Old 07-10-2022, 03:06 PM
  #10707  
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Default Who remembers Mattel Superstar and Vertibird

I wonder if anyone else remembers these two Mattel toys that I had and loved.
Superstar free flight electric plane
Vertibird cable-driven helicopter
Old 07-10-2022, 03:29 PM
  #10708  
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Originally Posted by flyboy2610 View Post
Careful, my friend! You're catching on, and that makes you a threat to "the system"!
You bet your bippy!

We grump and groan of things but we must also take into mind that the needs of our society have made some dramatic changes EX; metal work is replaced by polymers. robots do the job longer somewhat better and do not need breaks or vacations. even the wood we build our homes of is being replace by concrete that is positioned by 3d machines. objects are made from designs that are thought of only a hour ago. Gasoline that is refined from oil is in decline due to battery power, (don't mention greed) Think about it even the fuel for our models is getting harder to find because of battery powered planes that are molded from plastic instead of being cut and built from wood and are disposable.

More importantly our moral fiber has decayed to a point that respect is considered a handycap. the family unit? almost a thing of the past. babies are having babies.
the worlds needs and wants are in flux. today watch what is happening in the manufacturing sector batteries an elect. motors don't need valve jobs. when they break we remove and replace---------not much skill needed there. your car is operated, guided, diagnosed, and in some ways fixed Or junked by a computer chip. which we are in dire need of because we sent the knowledge and job overseas. People we ain't in Kansas no more, scottie dun beamed us up.
Old 07-11-2022, 05:20 AM
  #10709  
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It's not very funny when an animated movie predicts the future all too well. Go to Walmart, and well....



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Old 07-11-2022, 08:16 AM
  #10710  
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Originally Posted by baerster View Post
I wonder if anyone else remembers these two Mattel toys that I had and loved.
Superstar free flight electric plane
Vertibird cable-driven helicopter
One of my friends had the Superstar. I don't remember the cam system giving particularly precise control but it was a cool idea. I had a similar airplane in that it had the same type of drive system but no cam system for changing direction. It was pure free flight and looked more like a Laser aerobatic plane. If flew pretty well for an off the shelf toy until it landed in a field of cotton stalks.
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Old 07-11-2022, 02:44 PM
  #10711  
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Originally Posted by baerster View Post
I wonder if anyone else remembers these two Mattel toys that I had and loved.
Superstar free flight electric plane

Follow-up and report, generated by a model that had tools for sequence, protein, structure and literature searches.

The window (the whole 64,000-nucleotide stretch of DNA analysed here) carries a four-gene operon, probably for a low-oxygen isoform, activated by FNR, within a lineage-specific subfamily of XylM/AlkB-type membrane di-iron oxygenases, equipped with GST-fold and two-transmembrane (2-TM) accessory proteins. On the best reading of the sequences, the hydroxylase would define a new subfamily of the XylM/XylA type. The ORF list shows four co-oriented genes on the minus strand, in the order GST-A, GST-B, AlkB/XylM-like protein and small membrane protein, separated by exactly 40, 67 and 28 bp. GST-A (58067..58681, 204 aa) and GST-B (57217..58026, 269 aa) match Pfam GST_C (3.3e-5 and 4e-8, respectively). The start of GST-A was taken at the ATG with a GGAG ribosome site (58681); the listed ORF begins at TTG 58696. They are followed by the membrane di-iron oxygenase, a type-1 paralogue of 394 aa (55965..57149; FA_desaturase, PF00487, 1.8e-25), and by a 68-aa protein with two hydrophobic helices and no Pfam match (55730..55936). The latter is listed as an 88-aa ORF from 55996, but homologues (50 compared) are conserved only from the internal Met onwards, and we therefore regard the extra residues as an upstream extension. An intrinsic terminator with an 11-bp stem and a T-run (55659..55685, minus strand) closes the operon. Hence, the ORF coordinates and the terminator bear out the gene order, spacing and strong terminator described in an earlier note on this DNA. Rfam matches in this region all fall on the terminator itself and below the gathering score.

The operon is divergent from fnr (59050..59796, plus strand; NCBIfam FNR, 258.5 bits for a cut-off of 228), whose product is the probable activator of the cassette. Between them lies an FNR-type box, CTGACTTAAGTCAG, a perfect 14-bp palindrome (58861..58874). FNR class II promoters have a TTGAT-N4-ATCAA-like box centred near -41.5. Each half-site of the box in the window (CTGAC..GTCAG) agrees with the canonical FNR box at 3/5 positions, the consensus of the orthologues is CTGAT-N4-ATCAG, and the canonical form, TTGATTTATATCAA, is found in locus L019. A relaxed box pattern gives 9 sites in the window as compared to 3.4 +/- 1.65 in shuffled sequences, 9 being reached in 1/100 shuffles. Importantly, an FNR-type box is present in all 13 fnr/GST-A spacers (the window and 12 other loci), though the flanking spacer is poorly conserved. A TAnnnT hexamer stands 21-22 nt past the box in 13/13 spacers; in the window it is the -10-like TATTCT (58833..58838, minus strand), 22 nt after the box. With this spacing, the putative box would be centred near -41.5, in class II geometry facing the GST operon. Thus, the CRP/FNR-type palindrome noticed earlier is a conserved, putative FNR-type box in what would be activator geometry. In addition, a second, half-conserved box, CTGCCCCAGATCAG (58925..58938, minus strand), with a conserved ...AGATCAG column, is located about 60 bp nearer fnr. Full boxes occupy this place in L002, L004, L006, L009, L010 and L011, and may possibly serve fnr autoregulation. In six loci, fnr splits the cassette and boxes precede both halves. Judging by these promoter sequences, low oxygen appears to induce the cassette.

Vertibird cable-driven helicopter
I remember the helicopter! A friend of mine had one. It was a lot of fun playing with that!
Old 07-11-2022, 06:12 PM
  #10712  
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Yup, acdii , got the Wal-E movie, where your cartoon movie scene is from. Good computer animation with a good story. Seems they don't make them now as they used to. Problem is, when people get that obese suffer from health problems related to it. Used to visit seniors in nursing homes, came to the conclusion that many of them wouldn't be there if they simply took better care of their health, sad but true.
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Old 07-12-2022, 07:12 AM
  #10713  
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It's the modern Battle of the Bulge, though instead of tanks, it's food. Fighting a gut problem is not fun.
Old 07-12-2022, 11:37 AM
  #10714  
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Originally Posted by acdii View Post
It's the modern Battle of the Bulge, though instead of tanks, it's food. Fighting a gut problem is not fun.
Yes, very true. Problem is that modern wheat from the early 1960's on has been so highly modified that it now digests quicker than table sugar (check the glycemic indices). World-wide, the native wheat strains grown for centuries, although at a slightly lower yield per acre, were more drought resistant and didn't require modern chemical fertilizers, are disappearing all over the place. Those who ate native Italian wheat for example, didn't get plumped up as quickly as those who imbibe on the modern stuff.

I've eliminated the stuff from my diet, already lost 10 lbs. in only a month and a half. The food scientists know the stuff is so addictive, that you can't simply have one slice of bread or one sugar pastry. Next thing you know, (at least I), wolfed down not 1, but 3 or 4. Strange how it works that way. This is why cardiologist William Davis wrote the book, Wheat Belly (similar to a theme on "beer belly"). He was able to help his patients reduce blood vessel plaque and reverse Type II diabetes by a change in people's diet. He is not alone, Dr. Perlmutter, a neurologist gives similar nutritional advice in his book, "Grain Brain".

We seniors have to educate ourselves, because no one else is going to do it for us.
Old 07-12-2022, 02:53 PM
  #10715  
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It's why I lose weight on a low carb diet, eliminating bread, but, the down side is, lack of decent meals at lunch time. Hard to make a sammich when you are not eating bread. I would make my own with the right ingredients, if I had the time. I swear I am busier now at 58 than I was at 28.
Old 07-12-2022, 03:44 PM
  #10716  
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58?! you are still just a kid!